Breaking barriers: accessibility at home a costly process
Author: Blair Crawford
Date Written: Mar 29, 2019 at 5:00 PM
Date Saved: 3/30/19, 9:34 PM
Jennifer and Eli Glanz with daughter Emilia in the master bathroom they had modified to accommodate Jenifer’s wheelchair.
It’s just a few centimetres high, but the sill of the sliding glass door that leads to the back deck of her Barrhaven home is a mountain to Jennifer Glanz.
“It’s little, but I can’t get over it,” said Glanz, who has multiple sclerosis and uses a wheelchair. Glanz and her husband, Eli, have already installed a $4,000 electric lift in their garage so that Jennifer can get out of the house, and recently completed a renovation to make their bathroom barrier free.
They moved with their daughter Emelia, 3 1/2, to a bungalow a few years ago when Jennifer’s deteriorating condition made it impossible for her to manage the stairs in their former two-storey home. The small ramp over the door sill is the next item on their reno list for summer — “if we ever get a summer,” Jennifer jokes.
“It’s the next project. And a ramp down to the grass. Emilia will be playing on the grass this summer and it would be nice to be there with her.”
Whether it’s a senior who wants to age in place in her own home, a person battling a debilitating illness, or someone injured in a sudden, catastrophic tragedy like the Westboro OC Transpo bus crash, those facing disability find that barriers abound in the home. In fact, 22 per cent Canadians live with some sort of physical disability, according to Statistics Canada.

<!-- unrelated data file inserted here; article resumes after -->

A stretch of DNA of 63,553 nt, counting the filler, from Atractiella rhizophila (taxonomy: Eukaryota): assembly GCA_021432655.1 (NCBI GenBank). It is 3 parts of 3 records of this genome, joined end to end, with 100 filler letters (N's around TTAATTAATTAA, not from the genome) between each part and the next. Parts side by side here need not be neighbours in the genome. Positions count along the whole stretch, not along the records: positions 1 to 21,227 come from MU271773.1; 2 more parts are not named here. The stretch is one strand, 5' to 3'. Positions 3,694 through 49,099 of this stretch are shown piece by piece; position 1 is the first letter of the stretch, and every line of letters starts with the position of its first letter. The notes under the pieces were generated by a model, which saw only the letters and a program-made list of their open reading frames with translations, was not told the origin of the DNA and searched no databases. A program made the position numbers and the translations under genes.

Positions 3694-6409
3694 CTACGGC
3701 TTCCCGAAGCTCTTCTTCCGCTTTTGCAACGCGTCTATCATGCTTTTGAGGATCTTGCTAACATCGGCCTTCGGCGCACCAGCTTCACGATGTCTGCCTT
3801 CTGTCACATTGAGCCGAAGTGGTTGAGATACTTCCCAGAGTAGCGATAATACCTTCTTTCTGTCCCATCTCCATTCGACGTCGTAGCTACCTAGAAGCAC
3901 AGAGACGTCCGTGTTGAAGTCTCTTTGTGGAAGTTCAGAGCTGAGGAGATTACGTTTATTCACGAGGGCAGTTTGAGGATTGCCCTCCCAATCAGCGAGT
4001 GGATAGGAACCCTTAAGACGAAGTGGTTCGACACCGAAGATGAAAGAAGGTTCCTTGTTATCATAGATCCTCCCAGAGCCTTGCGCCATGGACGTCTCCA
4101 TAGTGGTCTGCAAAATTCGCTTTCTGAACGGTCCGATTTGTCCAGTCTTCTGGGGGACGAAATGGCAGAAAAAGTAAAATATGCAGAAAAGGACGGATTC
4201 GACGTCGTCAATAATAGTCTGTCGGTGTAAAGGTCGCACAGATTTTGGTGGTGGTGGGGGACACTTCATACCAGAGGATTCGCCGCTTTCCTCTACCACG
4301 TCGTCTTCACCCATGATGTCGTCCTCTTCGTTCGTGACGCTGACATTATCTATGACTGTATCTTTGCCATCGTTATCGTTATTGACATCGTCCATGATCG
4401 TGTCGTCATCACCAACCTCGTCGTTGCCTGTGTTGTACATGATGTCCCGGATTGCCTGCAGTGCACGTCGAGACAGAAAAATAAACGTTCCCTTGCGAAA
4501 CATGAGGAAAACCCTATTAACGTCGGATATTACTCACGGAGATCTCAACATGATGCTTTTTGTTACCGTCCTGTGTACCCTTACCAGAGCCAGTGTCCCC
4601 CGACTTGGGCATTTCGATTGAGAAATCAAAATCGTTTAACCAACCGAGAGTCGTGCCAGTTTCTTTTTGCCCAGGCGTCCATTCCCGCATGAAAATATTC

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“The older you get, the more likely you are to have a disability,” says Patrick Curran, national executive director of Independent Living Canada, a national non-profit agency that advocates for those living with disabilities and promotes independent living.
“And if you live long enough, you will have a disability.”
Many of the modifications needed to make a home accessible are obvious: a wheelchair ramp to the front door, for example. Others aren’t so apparent.
“One item that’s a really big, especially for someone with head injuries, is lighting,” said Sean MacGinnis, co-founder BuildAble, an Ottawa company that specializes in building and renovating homes for accessibility. “You want lighting that won’t put a strain on your eyes. Or if it’s for someone who has a visual impairment, better lighting will eliminate shadows and help them see any changes in elevation in their home.”
MacGinnis founded BuildAble five years ago with partner Kyla Cullain, a registered nurse. The company works closely with their clients’ medical teams — their family doctor or occupational therapist, for example — to develop an appropriate construction plan, he said.
“We started the company out focusing on people who are aging in place, but we’ve found the majority of our clients are people who have had a medical crisis, MS or a stroke or something like that … and we do have a lot of people who’ve been in vehicle accidents too. They’re in mid-life and they want to stay in their homes or they have family that they don’t want to move.”
For Eli and Jennifer Glanz, that meant redoing their bathroom to make it accessible. BuildAble installed a barrier free bathroom that Jennifer can roll up to and swing herself into a spare wheelchair that stays in the shower. The tile floor slopes gently to a drain and a waterproof barrier under the entire bathroom floor means spills or floods cause no damage.
The old sink and vanity was replaced with a “floating sink” that lets Jennifer wheel up to it like a desk. Three heavy-duty handrails give support and stability at the toilet.
“For the longest time we had a standard tub and shower that you see in most showers. Jennifer can’t transfer herself into a standard tub, even if there’s a shower seat. It would be me physically lifting her up and into the tub. That was hard for both of us,” Eli said.